unbekannter Gast

Donau, Fluss#

Danube, River (German: Donau): With a total length of 2,850 km, the Danube is the second longest river in Europe after the Volga. It springs as the two small streams of Brigach and Breg in the Black Forest and flows into the Black Sea through a five-armed delta. Contrary to custom, the flow rate of the Danube is counted from the estuary to the source and not vice versa as with other rivers. The name Danube or Donau is of Celtic origin (Indo-European: danu = river). The Danube is the only European waterway flowing from west to east. The upper Danube goes back to the "primal Danube", which may have arisen in the Miocene (Tertiary) period.

Together with the eastern Alps ( Alps), the Danube has been the most important factor in shaping the Austrian landscape. Frequent changes between narrowing and widening valleys are characteristic of the Danube landscape: From West to East, these valleys are: Passau Valley, Eferding Basin, Linz Gates, Linz-Ardagger Basin, Machland, Strudengau Valley, Nibelungengau region, Wachau Valley, Tulln Basin, Wiener Pforte Gap, Vienna Basin, Marchfeld Plain and the Hungarian Gates. Here the Danube leaves Austrian territory between the Hundsheim mountains and the western Carpathian Mountains (Thebner Kogel mountain). The mean rate of volume at the Vienna Reichsbruecke amounts to 1922 m3/sec., the average inclination of the Danube riverbed on Austrian territory is 156 m. The water quality of the river ranges from Class II west of Vienna to Class II-III (of four classes) east of Vienna.

The Danube is Austria's main river and has the highest water level in mid-summer and the lowest in January. Hydrographically, 96% of the Austrian territory belongs to the Danube catchment area (the Drau/Drava river also flows into the Danube). The main right-bank tributaries ( Rivers) in Austria are the rivers Traun, Enns, Ybbs, Erlauf, Pielach, Traisen, Schwechat, Fischa and Leitha (which joins the Danube on Hungarian territory); left-bank tributaries include the rivers Grosse Muehl, Aist, Krems and Kamp.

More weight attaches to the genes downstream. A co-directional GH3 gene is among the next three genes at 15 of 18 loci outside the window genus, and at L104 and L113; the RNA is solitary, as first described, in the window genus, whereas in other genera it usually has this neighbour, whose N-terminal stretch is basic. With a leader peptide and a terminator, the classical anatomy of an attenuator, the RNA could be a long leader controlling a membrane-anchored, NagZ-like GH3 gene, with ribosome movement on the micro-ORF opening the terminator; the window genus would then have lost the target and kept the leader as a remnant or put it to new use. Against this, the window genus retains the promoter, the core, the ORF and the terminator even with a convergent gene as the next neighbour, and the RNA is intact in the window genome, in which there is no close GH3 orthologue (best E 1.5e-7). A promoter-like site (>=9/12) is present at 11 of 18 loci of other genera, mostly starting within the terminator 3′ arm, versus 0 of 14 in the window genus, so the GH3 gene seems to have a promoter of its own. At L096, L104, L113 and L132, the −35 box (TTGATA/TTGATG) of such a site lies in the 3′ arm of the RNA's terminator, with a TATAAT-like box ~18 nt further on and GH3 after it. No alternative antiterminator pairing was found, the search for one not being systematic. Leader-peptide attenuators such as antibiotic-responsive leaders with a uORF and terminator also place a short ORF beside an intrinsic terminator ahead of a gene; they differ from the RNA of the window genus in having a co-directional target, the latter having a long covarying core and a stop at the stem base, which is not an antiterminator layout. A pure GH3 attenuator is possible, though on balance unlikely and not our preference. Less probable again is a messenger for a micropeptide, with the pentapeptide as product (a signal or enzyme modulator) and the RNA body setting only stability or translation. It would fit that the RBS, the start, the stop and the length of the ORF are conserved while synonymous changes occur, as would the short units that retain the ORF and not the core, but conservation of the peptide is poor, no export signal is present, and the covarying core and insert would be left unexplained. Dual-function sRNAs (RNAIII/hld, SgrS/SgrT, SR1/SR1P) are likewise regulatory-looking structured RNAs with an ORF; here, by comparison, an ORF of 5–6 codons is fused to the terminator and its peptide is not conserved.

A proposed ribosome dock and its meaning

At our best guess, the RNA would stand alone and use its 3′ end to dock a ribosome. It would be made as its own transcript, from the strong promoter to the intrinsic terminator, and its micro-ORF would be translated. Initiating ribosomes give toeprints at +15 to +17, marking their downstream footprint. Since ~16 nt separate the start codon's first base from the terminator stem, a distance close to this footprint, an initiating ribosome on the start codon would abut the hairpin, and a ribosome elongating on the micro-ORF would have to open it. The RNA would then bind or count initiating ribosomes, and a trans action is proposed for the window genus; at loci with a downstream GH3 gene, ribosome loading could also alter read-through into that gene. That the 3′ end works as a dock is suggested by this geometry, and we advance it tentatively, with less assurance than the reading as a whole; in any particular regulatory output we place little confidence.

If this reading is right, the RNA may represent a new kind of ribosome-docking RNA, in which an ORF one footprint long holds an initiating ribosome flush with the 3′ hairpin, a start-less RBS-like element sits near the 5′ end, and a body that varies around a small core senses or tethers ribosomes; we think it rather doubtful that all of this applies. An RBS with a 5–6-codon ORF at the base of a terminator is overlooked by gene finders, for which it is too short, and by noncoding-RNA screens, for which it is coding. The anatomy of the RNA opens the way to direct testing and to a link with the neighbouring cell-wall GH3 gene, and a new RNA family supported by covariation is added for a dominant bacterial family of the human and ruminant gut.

The Danube holds a special position among central European rivers on account of its fauna (approximately 70 species), some of which can only be found in its river system. Endangered species of fish include zingel, gobio uranoscopus and huchen; frequent species are eels, minnows, carps, tenches, barbels, breams, mud minnows, pikes and welses.

For the Austrian economy, the Danube has always been a trade route of the highest importance. As early as the 13th century, the upper course of the river had about 80 customs stations and toll gates. Teams of up to 40 horses pulled ships upstream on the towpath ("Treppelweg", "Treidelweg" or "Hufschlag"), covering distances up to 20 km per day. In addition, special types of barges and riverboats such as the Traun barges from the Traun River, the Hall barges, Tyrolean barges and the so-called "Inngamsen" from the Inn river could be found on the Danube. Since 1616 the right of the countries bordering the Danube to make use of the river has been laid down in a number of agreements ( Danube Commission). In 1948, the Belgrade Danube Conference decided to exclude all countries not bordering the Danube from all decisions concerning the river. Austria joined in 1960. There was already regular passenger and goods traffic from Regensburg to Vienna by 1696, for example on the so-called "Ordinarischiffe" ("scheduled ships") from Ulm. Because of the increasing importance of the waterway ( Danube shipping), numerous river regulation projects were undertaken. As early as 1770/80, the dangerous rocks at the "Boese Beuge" (Persenbeug), the "dangerous bend", were removed, and the rapids and eddies near Grein and in the Strudengau were tamed. In the middle of the19th century, more dangerous rocks were blasted away, for example the much-feared "Schwalleck", which had been the cause of perilous rapids near Grein. River regulation in Upper Austria took place from 1830 to 1870 (Eferding basin), in Lower Austria from 1870 in the section extending from the Ysper river to Vienna; in Vienna 1870-1875 and 1882-1905. In 1829, the Erste Donau-Dampfschiffahrts-Gesellschaft (DDSG) was founded; as early as 1830 the first steamer was travelling the Vienna-Pest route, 1837 to Linz and 1838 to Passau.